All the great bikes in the world are worthless without a great fit. We sell a great fit, and then a bicycle, rather than trying to make you fit onto a frame we have in stock. We would love it if there were a simple formula for fitting oneself to a bicycle. The fact is that you need a set of measurements and the help of a well-trained bicycle-fitting expert.

We are great believers in the Fit Kit System. This system takes precise measurements of your body and then makes suggestions as to how to initially set up your bicycle. From there, it is essential that someone takes a look at you and examines your position on the bike. The Fit Kit only goes so far; a myriad of unanswered questions come into play which affect seat height, seat setback, and handlebar extension.

No formula or book is the final answer.

Ideal position on a bicycle involves being set up correctly initially, being viewed by a professional, making your own small adjustments, and then being viewed again by a professional. And finally, and most importantly, it is a matter of comfort. If, even after all the measurements and recommendations you are uncomfortable, we rework and adjust until you are-even if it's not what the numbers suggest.

Despite this, there are some general formulas which you can use to get a rough idea of what size frame you need, and at what height to set your saddle.

For road bikes, take your inseam in centimeters, and multiply it by .65. This will give you your frame size.

For cyclocross bikes, take your inseam in centimeters, and multiply it by .63. This will give you your cyclocross frame size.

For mountain bikes, take your inseam in inches, and multiply it by .60. This will give you your mountain bike frame size.

Another good formula for seat height for the road is to take your inseam in centimeters, and multiply it by .883. This will give you your saddle height from the center of the bottom bracket to the level part of the saddle. You should be careful with this height. This is considered the optimal height for a trained rider. Simply throwing your saddle to this height can cause some serious damage to your knees. Move there gradually and realize that every body is different. Just because we think this is the optimal height, does not mean that your body or your pedaling style is suited for it. Take your time, and have a trained fitting expert look at your riding position.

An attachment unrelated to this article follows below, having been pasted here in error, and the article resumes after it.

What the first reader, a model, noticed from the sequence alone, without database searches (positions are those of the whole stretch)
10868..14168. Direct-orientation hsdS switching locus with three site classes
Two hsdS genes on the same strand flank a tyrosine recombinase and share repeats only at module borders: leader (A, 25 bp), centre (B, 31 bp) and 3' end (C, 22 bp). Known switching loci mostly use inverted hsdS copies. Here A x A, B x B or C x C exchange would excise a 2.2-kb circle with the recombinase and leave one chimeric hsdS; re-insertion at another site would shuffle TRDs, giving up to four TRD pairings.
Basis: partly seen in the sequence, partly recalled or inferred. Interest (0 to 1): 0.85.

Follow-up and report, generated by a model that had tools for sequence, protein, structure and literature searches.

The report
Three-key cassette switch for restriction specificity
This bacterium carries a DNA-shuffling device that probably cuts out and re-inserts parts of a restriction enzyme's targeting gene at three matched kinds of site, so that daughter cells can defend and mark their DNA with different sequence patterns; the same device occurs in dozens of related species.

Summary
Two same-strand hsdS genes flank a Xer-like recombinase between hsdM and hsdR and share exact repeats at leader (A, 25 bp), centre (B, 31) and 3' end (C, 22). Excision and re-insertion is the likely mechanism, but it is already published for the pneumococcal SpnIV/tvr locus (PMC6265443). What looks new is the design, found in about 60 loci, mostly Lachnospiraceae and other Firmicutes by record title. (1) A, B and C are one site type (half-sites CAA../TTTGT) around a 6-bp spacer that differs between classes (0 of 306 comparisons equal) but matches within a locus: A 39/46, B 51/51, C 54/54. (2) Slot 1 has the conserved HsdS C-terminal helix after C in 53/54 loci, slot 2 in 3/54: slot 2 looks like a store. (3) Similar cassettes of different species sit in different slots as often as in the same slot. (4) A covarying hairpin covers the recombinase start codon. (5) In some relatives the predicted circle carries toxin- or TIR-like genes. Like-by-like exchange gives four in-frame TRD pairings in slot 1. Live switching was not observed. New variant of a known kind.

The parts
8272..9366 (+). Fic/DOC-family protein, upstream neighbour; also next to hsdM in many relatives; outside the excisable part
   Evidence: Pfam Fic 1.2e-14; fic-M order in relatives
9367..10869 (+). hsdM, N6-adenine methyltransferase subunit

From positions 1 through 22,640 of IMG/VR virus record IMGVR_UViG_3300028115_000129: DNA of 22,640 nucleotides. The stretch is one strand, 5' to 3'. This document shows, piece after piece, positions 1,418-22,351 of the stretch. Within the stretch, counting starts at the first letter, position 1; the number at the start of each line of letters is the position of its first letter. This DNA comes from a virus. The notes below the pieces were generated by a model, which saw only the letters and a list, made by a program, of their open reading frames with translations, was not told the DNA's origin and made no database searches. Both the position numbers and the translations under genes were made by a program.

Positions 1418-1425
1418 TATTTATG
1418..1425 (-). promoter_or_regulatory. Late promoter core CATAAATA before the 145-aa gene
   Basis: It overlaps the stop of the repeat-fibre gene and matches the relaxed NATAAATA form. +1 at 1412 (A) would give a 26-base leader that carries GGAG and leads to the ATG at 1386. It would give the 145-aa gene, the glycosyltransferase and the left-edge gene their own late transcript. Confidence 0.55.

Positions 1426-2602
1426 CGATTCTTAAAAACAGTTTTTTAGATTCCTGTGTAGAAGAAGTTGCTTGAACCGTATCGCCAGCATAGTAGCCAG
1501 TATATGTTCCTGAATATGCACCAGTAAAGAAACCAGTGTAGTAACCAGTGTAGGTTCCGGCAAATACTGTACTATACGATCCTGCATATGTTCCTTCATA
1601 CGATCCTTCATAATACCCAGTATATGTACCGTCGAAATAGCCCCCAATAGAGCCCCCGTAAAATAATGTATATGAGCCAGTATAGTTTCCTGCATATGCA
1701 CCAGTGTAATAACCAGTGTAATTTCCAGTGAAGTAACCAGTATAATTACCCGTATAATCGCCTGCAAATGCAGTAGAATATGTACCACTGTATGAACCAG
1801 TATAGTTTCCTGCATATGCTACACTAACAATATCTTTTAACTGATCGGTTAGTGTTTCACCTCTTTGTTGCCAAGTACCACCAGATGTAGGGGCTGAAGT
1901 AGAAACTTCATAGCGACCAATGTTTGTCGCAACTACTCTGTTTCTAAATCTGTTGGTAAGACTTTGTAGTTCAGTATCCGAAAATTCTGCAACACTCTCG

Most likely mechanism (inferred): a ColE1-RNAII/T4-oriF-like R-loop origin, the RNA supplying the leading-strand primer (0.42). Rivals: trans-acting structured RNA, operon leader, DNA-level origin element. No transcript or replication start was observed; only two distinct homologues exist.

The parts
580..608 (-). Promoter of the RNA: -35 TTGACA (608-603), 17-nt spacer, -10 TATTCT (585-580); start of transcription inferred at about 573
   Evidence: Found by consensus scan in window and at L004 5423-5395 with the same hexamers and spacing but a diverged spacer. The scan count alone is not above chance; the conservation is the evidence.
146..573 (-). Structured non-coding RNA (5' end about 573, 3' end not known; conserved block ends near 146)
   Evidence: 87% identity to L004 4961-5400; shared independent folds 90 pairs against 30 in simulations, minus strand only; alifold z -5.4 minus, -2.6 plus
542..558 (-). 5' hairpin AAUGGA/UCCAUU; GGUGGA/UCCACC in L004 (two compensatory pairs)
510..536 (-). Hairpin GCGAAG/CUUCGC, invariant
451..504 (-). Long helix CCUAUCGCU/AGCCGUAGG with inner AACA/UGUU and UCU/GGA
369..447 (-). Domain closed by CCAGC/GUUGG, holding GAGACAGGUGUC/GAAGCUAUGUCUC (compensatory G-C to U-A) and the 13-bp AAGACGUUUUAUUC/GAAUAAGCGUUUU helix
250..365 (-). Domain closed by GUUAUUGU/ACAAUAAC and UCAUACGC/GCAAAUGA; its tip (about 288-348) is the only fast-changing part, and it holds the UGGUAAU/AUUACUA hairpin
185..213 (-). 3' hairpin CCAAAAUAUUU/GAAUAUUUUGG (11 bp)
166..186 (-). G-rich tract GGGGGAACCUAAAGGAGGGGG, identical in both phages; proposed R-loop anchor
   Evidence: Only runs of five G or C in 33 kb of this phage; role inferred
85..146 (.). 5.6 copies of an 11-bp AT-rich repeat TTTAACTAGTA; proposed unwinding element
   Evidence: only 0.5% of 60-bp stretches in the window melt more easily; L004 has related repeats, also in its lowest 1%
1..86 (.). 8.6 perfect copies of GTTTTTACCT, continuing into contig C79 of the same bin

We like to have photos sent to us of the rider on their current bicycle in their usual riding position. That picture, along with a description of what they are looking for, goes a long way in helping us obtain the perfect fit.

You might have noticed that if you type in the formulas for your inseam, your road frame is bigger than your cross frame, which is bigger than your mountain frame. This is because in cross, you want a frame that is a little smaller than your road frame. You will never be in the extended road position for more than a couple of minutes and you want to be nimble on and off your bike, thus the smaller frame.

For cyclocross, generally go with a frame that is one to two centimeters smaller than your road frame. Your saddle height is generally one half to one centimeter shorter than your road position. Stay with the same size cranks, and stem, as the shorter frame will give you a more compacted top tub section. If you shorten your stem as well, you will more than likely get a good amount of back pain, and be unbalanced on your bike. Handlebars should stay the same width as on your road frame.

For mountain bikes, generally go with a frame that is small enough to accommodate your torso's length. It is easy with long seat posts to fit a small frame to a larger rider, but, in general, you want to avoid stems which are longer than 130mm, if you can. A long stem has the barn door effect on steering. It takes a larger move at the end of the bars to get the bike to turn. For cranks, stay with your current road size or go a little longer to get better leverage. Stems should put you in the same amount of extension as you have on your road bike. Handlebars should remain at the same width as on the road.

For time trial bikes, we recommend the general road formulas, again as a starting point. Another recommendation is to speak with John Cobb at Bicycle Sports in Shreveport, LA. He has a website, www.bicyclesports.com, which is an excellent source of information on positioning and equipment for time trialing.